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Monday, July 29, 2013


The kids were at Day Camp and I had a free afternoon ahead of me with no pressing work or house related jobs crowding my head space. I started down the familiar road to Dorts Cove anticipating a visit at my father's house or the beach; perhaps both.

I pulled into the driveway at my father's house and drove up behind the hill where the vehicles often hide when rain has not saturated the grass. No car, no truck, no people in sight.

I turned the car around on the hill and set off for the beach, just several 100 meters away.

As I drove in the beach road a familiar truck was perched on the edge of the bank looking out to sea, seaming to pull at an invisible leash that kept it tied to the shore. The truck was similar to almost every other truck in the community but the opened tailgate revealed a pair of rank black sneakers that I knew my father wore around the yard.

I parked the car and headed out across the rocks towards the mouth of the Salmon River where I could just vaguely spot a human figure.

The wind on the beach was brisk disguising the power of the sun as it poured buckets of radiation on me. The tide was high and what little sand peeked out between the rocks sparkled.

I walked up to the lone fisherman on the point who was standing in hip-waders in the river two or three feet deep. At first I wasn't sure if it was him; something didn't seem exactly right and I wasn't positive about the truck although I was pretty sure about the sneakers.

Normally I would have no doubt that it would be my father on the beach; the beach where he grew up, where his father and grandfather had grown up, where I had grown up and where now, my children were growing up. This beach is part of the family DNA. But my father's trips out to the beach were less frequent these days; his knees gave him a lot of trouble and the long walk over rough terrain was difficult if not sometimes impossible for him.

The fisherman looked up and sure enough it was my Da but with so much sunblock on his face that I barely recognized him under the white-wash. I didn't want to disturb my father, I guessed he had gone out to the beach, despite the trouble it may cause him, to be alone. I guessed that the beach acted as a sort of church for him as it did for me-- to either contemplate or forget the worries of the day.

I had come to see him on this day in the hopes of talking to him about his sister who had recently died. I had been away, attending to my grandmother's death and funeral in Massachusetts, when my aunt had died. I had returned on the day after my aunts' funeral.

Since I had been home my dad made some mention about the funeral but not much—I wondered if there was anything more he wanted to say. So here I was waiting to hear whatever might need to be said.

The death of my aunt surely struck my father hard. They were, as the saying goes, Irish twins, less than 12 months apart in age. She had been his playmate for his entire life. When I thought about her death I kept returning to a photograph I had once seen of them playing hide and seek around an apple tree when they were toddlers.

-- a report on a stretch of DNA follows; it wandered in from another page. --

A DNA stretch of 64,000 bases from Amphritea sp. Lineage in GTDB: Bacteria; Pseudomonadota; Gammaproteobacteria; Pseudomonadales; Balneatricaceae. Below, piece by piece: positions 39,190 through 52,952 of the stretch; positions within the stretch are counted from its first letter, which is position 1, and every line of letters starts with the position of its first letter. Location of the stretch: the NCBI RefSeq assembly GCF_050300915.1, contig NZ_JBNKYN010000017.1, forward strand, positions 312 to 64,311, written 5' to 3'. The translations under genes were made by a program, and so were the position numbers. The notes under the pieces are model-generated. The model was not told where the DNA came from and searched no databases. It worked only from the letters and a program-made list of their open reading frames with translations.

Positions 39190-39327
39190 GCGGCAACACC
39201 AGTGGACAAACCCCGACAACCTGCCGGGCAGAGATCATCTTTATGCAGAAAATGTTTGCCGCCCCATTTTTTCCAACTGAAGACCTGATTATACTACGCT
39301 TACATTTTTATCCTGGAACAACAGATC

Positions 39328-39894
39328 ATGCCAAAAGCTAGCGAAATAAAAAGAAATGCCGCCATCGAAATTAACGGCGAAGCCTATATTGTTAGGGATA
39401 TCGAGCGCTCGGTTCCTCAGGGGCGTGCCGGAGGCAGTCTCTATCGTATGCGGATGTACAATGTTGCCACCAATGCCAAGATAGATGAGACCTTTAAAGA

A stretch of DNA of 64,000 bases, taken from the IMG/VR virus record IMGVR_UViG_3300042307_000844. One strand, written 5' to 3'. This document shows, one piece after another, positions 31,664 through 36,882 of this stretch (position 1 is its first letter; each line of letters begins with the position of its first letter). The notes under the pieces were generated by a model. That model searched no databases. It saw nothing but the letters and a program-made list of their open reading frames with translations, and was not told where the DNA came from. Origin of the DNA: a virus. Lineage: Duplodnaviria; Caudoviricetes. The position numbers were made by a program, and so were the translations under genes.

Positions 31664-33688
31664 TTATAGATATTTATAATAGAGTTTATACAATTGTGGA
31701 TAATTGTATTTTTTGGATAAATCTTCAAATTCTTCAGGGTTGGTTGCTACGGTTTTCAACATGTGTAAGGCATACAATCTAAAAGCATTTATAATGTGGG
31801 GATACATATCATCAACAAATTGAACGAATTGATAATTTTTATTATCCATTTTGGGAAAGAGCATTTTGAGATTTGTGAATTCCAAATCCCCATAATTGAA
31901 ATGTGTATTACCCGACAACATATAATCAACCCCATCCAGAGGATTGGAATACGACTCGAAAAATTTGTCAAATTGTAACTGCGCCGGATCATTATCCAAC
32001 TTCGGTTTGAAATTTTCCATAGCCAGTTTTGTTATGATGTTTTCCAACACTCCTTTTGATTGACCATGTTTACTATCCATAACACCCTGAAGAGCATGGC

My aunt had been sick with cancer for several years but the end came quickly and unexpectedly. It was just four years ago that my grandmother died. None of us, at that time, would have believed it if we had been told that my aunt would die four years and one month later.

Now there is just my father and his youngest brother. Luckily they are friends, comrades, fishermen-in-arms. You can often find them casting out their lines at the Salmon River bridge located on the road between their two houses which are less than a mile apart.

So I waited for the conversation to start. But it didn't; at least not that one.

Da was fly fishing; hoping for a big trout. There was one already on the beach when I got there—past the point of playing the line, gills no longer trying to breathe in the unfamiliar atmosphere.

After a while a new fly needed to be tied and Da waded ashore. We talked about flys; none of them looked like anything we had ever seen in nature yet the fish went for them greedily. We sat, he tied the fly and the fish started to jump in the river diverting his attention from his knots. The more the fish jumped the harder it was to tie the fly. Finally he got back into the water and we kept an eye out for the fish who now seemed to jumping on the other side of the river.

The closest we got to talking about my aunt was when my father got up from the shoreline in an uncertain fashion—a little wonky in his waders. He said that was how it went when you were getting old then corrected himself and said, “when you are old.” He went on to tell me that his grandson Sam had recently told my father that he, Sam, could never think of Da as old. He was never an old man to Sam and that is a sentiment with which, most people that know my father, would agree.

My father has always been a woodsman, a fisherman, a man who always could and would do hard work. It's been very odd to think of him not being able to do things—for him and for me. The idea that my father is getting old is one I really can not square in my mind with the person that I know him to be and I think he has the same problem. Who is he if he is old? The death of his sister brought this question into sharper relief. A day on the river quietly thinking or not thinking about it; that's how we work these things out.

I stayed on the beach watching fish, birds and my father for several hours. The one thing in life I always want more of is time with my Da.

I started for home with a fish and fresh memories; a perfect afternoon.

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